KENTUCKY - Garrett & Nickerson, photographers
Sketches of Camp Boone. The First Encampment of the Kentucky State Guard; held near Louisville, from August 23rd to August 30th, 1860. Also, photographic views of the camp, and Portraits of the General's Staff
Louisville: Published by G. T. Shaw for Garrett & Nickerson, Photographists, 1860. 4to. (10 x 7 3/4 inches). 27, pp. plus 9 oval salt paper print photograph portraits mounted on one sheet with printed captions, 11 salt paper print photograph views of the camp, with rounded corners mounted on 11 sheets.
Contemporary red morocco, upper cover titled in gilt, rebacked, with original spine laid down
Very rare early photographically-illustrated work, depicting military camp life on the eve of the Civil War in Louisville Kentucky.
On March 5th, 1860, fore-seeing the coming of an armed conflict, the Kentucky State Legislature organized the Kentucky State Guard. By early spring the officers had received their commissions, with Simon Bolivar Buckner named Inspector-General with the rank of Major General. On August 23, 1860 the Kentucky State Guard assembled for the first time on the grounds of the South-Western Agricultural Association in Louisville, naming their camp for famed Kentuckian Daniel Boone. Seeing a commercial opportunity, Louisville photographers Garrett & Nickerson captured the week-long event.
The preliminary text in this work gives a detailed record of all the orders given during the first encampment, as well as a complete roster of the officers. The illustrations within the work are all salt paper prints from collodion glass negatives by Louisville photographers C. Alfred Garrett and George H. Nickerson. The nine officers depicted on the first page of photographs are: Major General S. B. Buckner, Colonel Frank Tryon, Colonel Benjamin Hardin Helm, Colonial Isaac W. Scott, Colonel Charles D. Pennebaker, Colonel Samuel Gill, Major James A. Beattie, Captain Philip Vacaro and Rev. James Craik. The views comprise (titles as per captions listed on the final page of text):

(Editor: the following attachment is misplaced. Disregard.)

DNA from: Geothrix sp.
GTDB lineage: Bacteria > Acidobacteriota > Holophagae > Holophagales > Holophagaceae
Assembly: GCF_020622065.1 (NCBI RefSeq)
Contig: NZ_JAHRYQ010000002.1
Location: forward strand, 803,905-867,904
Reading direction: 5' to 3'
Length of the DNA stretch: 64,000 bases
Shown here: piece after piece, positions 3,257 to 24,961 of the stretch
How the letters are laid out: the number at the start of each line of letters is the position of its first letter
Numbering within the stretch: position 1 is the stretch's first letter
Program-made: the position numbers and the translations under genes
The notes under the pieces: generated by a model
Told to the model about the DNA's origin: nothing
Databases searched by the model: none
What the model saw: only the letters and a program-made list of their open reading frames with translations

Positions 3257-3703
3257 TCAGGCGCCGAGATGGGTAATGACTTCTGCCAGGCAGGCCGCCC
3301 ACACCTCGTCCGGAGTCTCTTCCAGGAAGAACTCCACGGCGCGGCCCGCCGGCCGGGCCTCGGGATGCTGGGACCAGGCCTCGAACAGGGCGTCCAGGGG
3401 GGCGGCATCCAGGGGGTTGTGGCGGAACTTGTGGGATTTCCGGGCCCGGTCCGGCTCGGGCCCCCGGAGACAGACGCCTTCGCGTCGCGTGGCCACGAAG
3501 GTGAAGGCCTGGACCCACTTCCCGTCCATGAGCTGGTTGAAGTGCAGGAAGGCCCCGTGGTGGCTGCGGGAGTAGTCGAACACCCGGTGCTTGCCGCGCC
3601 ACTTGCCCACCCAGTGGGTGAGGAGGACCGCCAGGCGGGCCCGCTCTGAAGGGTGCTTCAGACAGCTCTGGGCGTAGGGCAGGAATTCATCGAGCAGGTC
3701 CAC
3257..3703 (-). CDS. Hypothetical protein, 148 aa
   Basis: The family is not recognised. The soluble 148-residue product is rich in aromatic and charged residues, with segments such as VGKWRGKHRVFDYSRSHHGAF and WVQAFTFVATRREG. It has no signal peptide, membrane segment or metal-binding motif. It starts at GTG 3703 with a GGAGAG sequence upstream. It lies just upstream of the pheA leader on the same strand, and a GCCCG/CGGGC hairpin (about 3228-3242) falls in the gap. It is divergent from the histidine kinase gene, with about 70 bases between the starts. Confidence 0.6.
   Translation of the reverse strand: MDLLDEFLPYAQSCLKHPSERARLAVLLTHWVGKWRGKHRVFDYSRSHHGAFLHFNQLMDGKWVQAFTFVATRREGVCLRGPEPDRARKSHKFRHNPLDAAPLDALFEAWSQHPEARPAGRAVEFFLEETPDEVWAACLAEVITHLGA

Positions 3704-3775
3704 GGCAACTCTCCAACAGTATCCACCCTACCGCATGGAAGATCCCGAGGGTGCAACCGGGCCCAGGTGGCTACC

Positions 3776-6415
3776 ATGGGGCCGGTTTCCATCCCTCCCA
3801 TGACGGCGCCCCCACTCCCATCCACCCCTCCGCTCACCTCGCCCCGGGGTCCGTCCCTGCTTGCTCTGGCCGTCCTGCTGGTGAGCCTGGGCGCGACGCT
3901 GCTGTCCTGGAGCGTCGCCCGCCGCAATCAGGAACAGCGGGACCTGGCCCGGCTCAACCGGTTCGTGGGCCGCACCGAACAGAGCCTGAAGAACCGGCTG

1) First View of Camp Boone, looking North
2) Second View of Camp Boone, looking North-East
3) Dress Parade
4) Guard Mounting
5) Visit of the Governor to Major Hunt
6) Street Scene after Parade [#1]
7) Visit of Commissioned Officers to Capt. Hayes
8) Street Scene after Parade [#2]
9) Visit of the Governor to Col. Frank Tryon
10) Meeting of Officers after Parade
11) Street Scene after Parade [#3]
At the start of the Civil War, border-state Kentucky vowed to stay neutral. It was not long, however, before the state legislature moved to side with the Union. Nevertheless, many of its citizens, and many of the soldiers in the Kentucky State Guard, sided with the Confederacy. Indeed, the Confederates formed their own Camp Boone in Tennessee to attract the well-trained Kentucky militiamen. This included Buckner, as well as Captain John Hunt Morgan, the infamous leader of the Morgan Raiders. Interestingly, the final image within the work would seem to depict Morgan's men, as one of the crates in the foreground is labelled "Lex. Rifles", after the name of Morgan's company (the Lexington Rifles). Thus the present work, depicting the Kentucky State Guard in August of 1860, inadvertently captures the images of many soon-to-be soldiers in the Confederate Army.
Photographically-illustrated works from this early period were seldom printed in large quantities. That fact, coupled with the destruction caused by the Civil War in the years immediately following the publication has made this work very rare. OCLC cites but two known examples (University of Chicago and University of Kentucky); an additional example is held in the Gilder-Lehrman Collection at the New York Historical Society and we know of another in private hands.
A significant photographic incunable.
Not in Truthful Lens.